Evolution and Epilepsy: Improvement in Brain Electrical Signaling is Critical Both for Vertebrate Evolution and for Prev

Jan 20, 2009
Neurons from the sea lamprey (right) and mammalian brain (left), shown in blue. Strong red labeling shows the location of clustered sodium ion channels that initiate electrical impulses at the beginning point of nerves in both lampreys and mammals. Credit: (right) Edward C. Cooper and PLoS Genetics, (left) Matthew N. Rasband and PLoS Genetics

Studies at the University of Pennsylvania School of Medicine on brain electrical signaling offer a fresh perspective on vertebrate evolution, provide additional evidence supporting Darwinian views of evolution, and may also lead to more effective treatment of epileptic seizures in infants. Researchers discovered how evolutionary changes produced a series of improvements in molecules generating electrical signals in nerves between 550 and 400 million years ago. By making nervous systems faster and smarter, these innovations appear to have contributed to the evolutionary success and diversity of vertebrate animals.

In an evolutionary comparison of nerve cell genes appearing in PLoS Genetics last month, Penn scientists show that improvements in the molecules that govern rapid nerve impulses occurred at major turning points in evolutionary history. By making nerve signals faster and more controllable, these innovations appear to have contributed to the building of smarter brains, and perhaps even to the success and diversity of vertebrates. In other experiments presented at the Society for Neuroscience meeting in November and soon to appear in the Annals of Neurology, the scientists found that the same electrical signaling molecules appear to be an effective target for anti-seizure drugs for human newborns.

The electrical signaling molecules at the center of both studies are two related types of nerve cell proteins called sodium and potassium channels. A decade ago, researchers found that mutations in genes for these molecules were a cause of some forms of epilepsy in newborn babies and infants. Sodium channels were already targets of anti-epileptic drugs. The team led by Assistant Professor of Neurology Edward C. Cooper, MD, PhD, focused on the potassium channels for therapeutic development.

Epilepsy is a common condition in which seizures, involuntary attacks of loss of awareness and bodily control, are experienced recurrently. Epilepsy can begin at any age, but incidence is highest in the vulnerable first few weeks of life and remains elevated in later infancy and early childhood.

Initial work by the Penn team showed that the potassium and sodium channels were clustered together in small patches on the long fibers, called axons, which transmit electrical impulses between nerve cells. This raised several questions from the both the evolutionary and clinical underpinnings of this line of research: First, how did these two types of channels evolve to become so tightly paired at these patches on nerves? Second, is the development of these clusters over time important for understanding how channel mutations cause epilepsy? Third, clinically, since the potassium channel mutations linked to newborn epilepsy decreased channel activity, could drugs that increased the potassium channel activity be effective for seizure prevention?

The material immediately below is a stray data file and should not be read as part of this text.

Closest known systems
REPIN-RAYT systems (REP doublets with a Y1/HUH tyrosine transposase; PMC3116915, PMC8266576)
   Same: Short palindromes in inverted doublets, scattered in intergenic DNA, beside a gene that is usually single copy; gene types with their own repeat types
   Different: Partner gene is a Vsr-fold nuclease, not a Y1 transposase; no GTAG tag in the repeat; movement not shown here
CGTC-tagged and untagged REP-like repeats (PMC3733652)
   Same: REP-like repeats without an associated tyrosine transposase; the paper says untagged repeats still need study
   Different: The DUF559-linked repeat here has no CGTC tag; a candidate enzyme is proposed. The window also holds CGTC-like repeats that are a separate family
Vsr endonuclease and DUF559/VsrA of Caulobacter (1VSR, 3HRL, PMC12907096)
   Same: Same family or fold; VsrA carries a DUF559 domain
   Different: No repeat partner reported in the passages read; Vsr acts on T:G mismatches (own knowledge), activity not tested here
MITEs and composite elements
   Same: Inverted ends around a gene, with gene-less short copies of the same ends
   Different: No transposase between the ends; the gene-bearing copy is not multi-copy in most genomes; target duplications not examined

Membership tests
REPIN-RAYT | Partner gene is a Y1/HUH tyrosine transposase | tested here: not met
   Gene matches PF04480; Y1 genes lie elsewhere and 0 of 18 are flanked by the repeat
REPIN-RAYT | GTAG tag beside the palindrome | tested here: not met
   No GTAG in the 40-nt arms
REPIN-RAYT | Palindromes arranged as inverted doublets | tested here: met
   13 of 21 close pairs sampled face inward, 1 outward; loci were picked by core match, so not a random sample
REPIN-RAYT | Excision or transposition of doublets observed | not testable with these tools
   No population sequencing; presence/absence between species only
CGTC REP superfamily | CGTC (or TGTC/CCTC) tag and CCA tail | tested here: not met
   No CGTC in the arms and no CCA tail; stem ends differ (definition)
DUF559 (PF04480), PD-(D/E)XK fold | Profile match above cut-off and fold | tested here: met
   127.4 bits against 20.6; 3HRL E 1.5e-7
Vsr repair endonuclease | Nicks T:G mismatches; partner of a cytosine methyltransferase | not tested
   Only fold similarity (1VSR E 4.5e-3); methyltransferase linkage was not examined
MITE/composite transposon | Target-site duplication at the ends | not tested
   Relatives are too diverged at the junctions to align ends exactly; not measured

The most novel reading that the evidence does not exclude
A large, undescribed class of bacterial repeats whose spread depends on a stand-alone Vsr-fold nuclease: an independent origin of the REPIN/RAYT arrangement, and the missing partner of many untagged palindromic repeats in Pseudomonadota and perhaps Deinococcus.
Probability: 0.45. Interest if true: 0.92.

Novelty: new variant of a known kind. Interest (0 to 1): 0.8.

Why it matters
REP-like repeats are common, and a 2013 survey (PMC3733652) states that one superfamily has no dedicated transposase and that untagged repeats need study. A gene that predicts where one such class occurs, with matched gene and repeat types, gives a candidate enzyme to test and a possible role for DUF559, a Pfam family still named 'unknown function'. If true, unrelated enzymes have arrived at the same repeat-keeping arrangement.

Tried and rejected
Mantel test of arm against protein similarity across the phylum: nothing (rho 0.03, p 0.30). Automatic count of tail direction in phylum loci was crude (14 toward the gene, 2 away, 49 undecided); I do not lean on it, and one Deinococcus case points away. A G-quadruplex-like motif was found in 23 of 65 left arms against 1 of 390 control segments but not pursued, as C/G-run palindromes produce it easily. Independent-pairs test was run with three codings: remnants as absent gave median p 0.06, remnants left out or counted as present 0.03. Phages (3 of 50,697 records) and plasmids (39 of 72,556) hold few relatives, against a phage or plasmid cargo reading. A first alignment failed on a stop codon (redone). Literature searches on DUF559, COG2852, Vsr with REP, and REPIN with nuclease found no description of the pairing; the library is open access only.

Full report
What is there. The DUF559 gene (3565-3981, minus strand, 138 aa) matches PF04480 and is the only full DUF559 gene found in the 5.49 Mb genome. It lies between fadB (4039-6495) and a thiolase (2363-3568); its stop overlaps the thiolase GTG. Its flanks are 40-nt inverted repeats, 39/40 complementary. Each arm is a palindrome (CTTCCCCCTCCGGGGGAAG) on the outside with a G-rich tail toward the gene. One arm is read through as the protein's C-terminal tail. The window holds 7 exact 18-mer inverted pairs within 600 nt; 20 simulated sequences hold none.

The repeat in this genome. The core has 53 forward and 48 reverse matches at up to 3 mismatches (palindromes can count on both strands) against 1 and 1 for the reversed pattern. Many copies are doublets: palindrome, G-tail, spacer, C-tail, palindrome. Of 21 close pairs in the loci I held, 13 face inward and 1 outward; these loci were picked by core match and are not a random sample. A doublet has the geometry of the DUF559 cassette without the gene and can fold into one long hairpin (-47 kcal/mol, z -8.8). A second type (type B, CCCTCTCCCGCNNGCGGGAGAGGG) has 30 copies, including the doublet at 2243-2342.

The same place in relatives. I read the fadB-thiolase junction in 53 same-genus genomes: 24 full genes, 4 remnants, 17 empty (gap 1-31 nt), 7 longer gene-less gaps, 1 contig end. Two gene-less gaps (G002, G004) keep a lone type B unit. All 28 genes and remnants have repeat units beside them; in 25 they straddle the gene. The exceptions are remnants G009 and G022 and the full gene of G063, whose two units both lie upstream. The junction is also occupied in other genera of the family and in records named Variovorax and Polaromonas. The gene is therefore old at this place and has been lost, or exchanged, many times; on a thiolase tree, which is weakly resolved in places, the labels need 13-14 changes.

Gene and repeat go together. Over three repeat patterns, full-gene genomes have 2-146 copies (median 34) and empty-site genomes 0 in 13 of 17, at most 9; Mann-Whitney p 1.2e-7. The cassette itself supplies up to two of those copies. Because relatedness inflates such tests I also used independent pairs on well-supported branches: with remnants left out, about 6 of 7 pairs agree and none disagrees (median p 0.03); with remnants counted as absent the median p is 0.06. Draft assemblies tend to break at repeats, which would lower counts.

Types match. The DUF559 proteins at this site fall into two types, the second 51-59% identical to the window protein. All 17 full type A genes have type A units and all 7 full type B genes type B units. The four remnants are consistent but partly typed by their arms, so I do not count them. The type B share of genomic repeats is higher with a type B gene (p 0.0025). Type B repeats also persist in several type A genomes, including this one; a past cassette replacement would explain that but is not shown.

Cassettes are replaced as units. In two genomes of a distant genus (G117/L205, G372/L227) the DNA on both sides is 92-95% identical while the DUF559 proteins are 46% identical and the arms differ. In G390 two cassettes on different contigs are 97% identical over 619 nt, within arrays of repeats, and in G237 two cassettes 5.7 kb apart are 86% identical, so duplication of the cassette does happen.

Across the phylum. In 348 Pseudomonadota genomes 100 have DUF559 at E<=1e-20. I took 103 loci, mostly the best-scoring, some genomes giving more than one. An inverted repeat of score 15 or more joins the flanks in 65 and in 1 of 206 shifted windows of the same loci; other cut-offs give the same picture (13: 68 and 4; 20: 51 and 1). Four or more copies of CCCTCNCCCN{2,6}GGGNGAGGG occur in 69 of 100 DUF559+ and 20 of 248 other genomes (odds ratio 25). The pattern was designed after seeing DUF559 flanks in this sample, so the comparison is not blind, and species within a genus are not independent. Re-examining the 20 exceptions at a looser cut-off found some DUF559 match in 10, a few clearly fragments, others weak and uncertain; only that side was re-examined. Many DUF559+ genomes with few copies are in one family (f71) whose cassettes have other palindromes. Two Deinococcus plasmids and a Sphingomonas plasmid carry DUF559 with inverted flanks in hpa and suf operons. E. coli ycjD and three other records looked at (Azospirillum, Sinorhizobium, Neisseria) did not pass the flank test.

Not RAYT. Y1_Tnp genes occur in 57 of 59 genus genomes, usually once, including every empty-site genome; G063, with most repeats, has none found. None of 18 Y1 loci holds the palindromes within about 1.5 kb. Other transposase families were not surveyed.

Anchoring Sequences

Sodium and potassium channels are proteins embedded in the nerve membrane, with a part of each channel exposed to the cell’s interior. In 2006, Cooper’s team showed that the intracellular parts of the potassium and sodium channels possessed similar amino acid sequences. The shared sequences contained instructions specifying that the channels should be anchored together at spots along the axon.

They also found that these anchoring sequences were conserved in the potassium and sodium channels of vertebrates over 350 million years of evolution, from fish to humans. However, the channels of invertebrates, including fruit flies, worms, and squids, lacked the clustering sequences. In addition, some mutations causing epilepsy in infants prevented the channels from assuming their clustered positions within the patches.

“Finding that the sodium and potassium channel clustering required nearly identical sequences that seemed to have evolved at the same time was very surprising” said Cooper. “The similarity in anchor sequences could not arise by chance. Seeing them in both channel types was comparable to a person arriving at a new job, and seeing that their new coworker wore exactly the same clothes, drove the same model and color of car, and had a spouse and children with the same names. It seemed inexplicable.”

To solve the mystery, the researchers studied the channels of classes of animals that evolved earlier than vertebrates, including sea urchins and primitive organisms related to vertebrates called lancelets, sea squirts, and lampreys. The project received a boost, because the genomes of each of these organisms are currently being sequenced, supported by the National Human Genome Research Institute. Analysis of the channels from these primitive organisms solved the mystery.

The Rise of the Sodium Channel